Jeremy Herrin: We thought it was a good play, but I’ve done loads of plays I think are good. There’s something that happens with a play when you put an audience in front of it that is always unexpected and exciting. That is the beauty of the medium - you don’t really know what you’ve got until the first preview. We did the first preview at the Royal Court and there was just some transaction between what Polly had written and the audience. It was a real event rather than a show. It felt like it was saying something that people needed to hear said in a public space. It just felt more weighty and a bit more interesting than most plays. It was really joyous to rehearse too. The chemistry in the company, between me and Polly and the actors, was really special and that is rare. But when it hit the audience something just happened. It felt special, and as the run went on, it felt as though there was this hunger to go and see it which was great.

Stenham: I’m really pleased that I have written most of my second play already as I think, if the transfer and all this happened and I was staring at an empty page, I would be really freaked out. Luckily, between the show last year and now, I worked quite hard and I’ve got a new play almost ready. I think you’ve got to work in a vacuum really, a creative vacuum. If you compare what you do to what you’ve done before, it’s going to affect the work in a bad way, so that is what I’ve tried to do.

On changes made for the West End transfer

Catherine Steadman: To bring That Face to the Duke of York’s was a big adjustment because it was a completely different space. Previously it was in the round and if you were in the audience you would be a couple of metres away from another member of the audience so it was much more intense. Here at the Duke of York’s, it seems strangely that we need to be more microscopic. You can see we’ve put this thing on the stage, and it is there to be judged, whereas before it was almost like the audience were in it with us.

Matt Smith: I think what was difficult for me with the rehearsal was the inherited choices that we had made in our previous rehearsals and letting go of them and discovering things innocently with a sort of lack of judgement. That was the tricky thing. And then obviously the different space presents new problems. As an actor, you have a load of different things to consider, but a lot of that was translating it spatially.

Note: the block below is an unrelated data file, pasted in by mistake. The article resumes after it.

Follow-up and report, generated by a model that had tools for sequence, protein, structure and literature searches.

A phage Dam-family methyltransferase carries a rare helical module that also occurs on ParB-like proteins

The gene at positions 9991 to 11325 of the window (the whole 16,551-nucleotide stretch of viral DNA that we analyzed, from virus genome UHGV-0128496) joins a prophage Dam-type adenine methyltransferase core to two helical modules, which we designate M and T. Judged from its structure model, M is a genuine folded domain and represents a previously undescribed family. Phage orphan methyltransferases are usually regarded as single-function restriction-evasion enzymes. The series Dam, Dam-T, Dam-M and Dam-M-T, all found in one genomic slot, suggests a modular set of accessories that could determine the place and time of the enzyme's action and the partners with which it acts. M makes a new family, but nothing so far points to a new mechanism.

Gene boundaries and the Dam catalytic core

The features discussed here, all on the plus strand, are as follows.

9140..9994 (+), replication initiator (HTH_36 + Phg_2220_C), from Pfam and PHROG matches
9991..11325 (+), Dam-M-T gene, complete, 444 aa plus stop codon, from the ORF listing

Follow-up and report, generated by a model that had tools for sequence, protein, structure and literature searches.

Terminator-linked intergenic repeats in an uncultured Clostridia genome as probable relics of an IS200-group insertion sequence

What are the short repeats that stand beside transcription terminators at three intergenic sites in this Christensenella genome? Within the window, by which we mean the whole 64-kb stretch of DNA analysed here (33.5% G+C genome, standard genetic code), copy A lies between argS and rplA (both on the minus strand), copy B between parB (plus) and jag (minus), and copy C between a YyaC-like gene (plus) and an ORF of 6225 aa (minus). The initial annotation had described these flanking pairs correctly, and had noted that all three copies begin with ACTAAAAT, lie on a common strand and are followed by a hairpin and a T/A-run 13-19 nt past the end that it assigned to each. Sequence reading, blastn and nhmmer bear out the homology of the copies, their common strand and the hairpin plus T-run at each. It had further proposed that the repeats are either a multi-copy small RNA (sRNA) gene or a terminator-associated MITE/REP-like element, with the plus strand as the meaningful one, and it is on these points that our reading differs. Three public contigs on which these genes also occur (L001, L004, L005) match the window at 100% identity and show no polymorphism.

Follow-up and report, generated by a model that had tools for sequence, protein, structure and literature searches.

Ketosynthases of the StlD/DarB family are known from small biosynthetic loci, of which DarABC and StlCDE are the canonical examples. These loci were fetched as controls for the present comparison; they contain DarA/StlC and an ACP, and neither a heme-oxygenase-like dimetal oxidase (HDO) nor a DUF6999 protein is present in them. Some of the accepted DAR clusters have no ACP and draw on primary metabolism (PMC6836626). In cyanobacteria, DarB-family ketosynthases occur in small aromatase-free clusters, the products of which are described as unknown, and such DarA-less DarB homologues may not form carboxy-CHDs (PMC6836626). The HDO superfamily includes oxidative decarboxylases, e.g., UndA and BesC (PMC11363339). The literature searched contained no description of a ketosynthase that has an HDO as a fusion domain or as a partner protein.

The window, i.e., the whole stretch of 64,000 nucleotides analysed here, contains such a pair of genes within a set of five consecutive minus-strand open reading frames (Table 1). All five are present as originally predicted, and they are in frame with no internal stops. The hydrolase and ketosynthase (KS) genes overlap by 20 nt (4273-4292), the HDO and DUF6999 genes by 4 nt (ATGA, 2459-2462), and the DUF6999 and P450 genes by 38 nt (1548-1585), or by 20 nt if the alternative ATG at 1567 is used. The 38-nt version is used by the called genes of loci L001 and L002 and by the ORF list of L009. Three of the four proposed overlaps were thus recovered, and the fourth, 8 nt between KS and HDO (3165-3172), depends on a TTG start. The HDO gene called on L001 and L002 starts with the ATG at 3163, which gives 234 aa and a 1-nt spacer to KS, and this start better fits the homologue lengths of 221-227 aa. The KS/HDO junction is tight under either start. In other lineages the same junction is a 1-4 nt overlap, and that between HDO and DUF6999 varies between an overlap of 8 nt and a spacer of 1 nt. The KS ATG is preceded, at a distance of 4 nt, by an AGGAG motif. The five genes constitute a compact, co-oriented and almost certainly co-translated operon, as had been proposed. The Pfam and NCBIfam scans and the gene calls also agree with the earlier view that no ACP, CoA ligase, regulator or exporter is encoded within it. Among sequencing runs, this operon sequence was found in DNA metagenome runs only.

Herrin: We’ve got this great designer, Mike Britton, whose work I really appreciate. He designed it for the Royal Court as well and he’s great at keeping that minimalistic approach. He was convinced that would work. I wanted to stay with that approach, but when we moved, it did take quite a bit of recalibrating in order to let the audience in a bit. These proscenium arch stages can be quite imposing - there can be a big distance between the audience and the actors. You think, with a studio production in-the-round for 88 people, the choices that would make the difference would be much more microscopic than in a large theatre, but actually I found that it’s the other way round. What you don’t have to worry about in a studio is where the audience is looking all the time because they can look at anything. Working in-the-round is great, I really love it and there’s loads of stuff you don’t have to think about. whereas with large a proscenium arch, you have to be very detailed about what you tell the audience to look at. That has a number of benefits in the sense that you can get laughs here much more precisely, you can time the rhythm of the storytelling much more precisely because you can offer the information exactly when and where you want it.

On joining the cast in the West End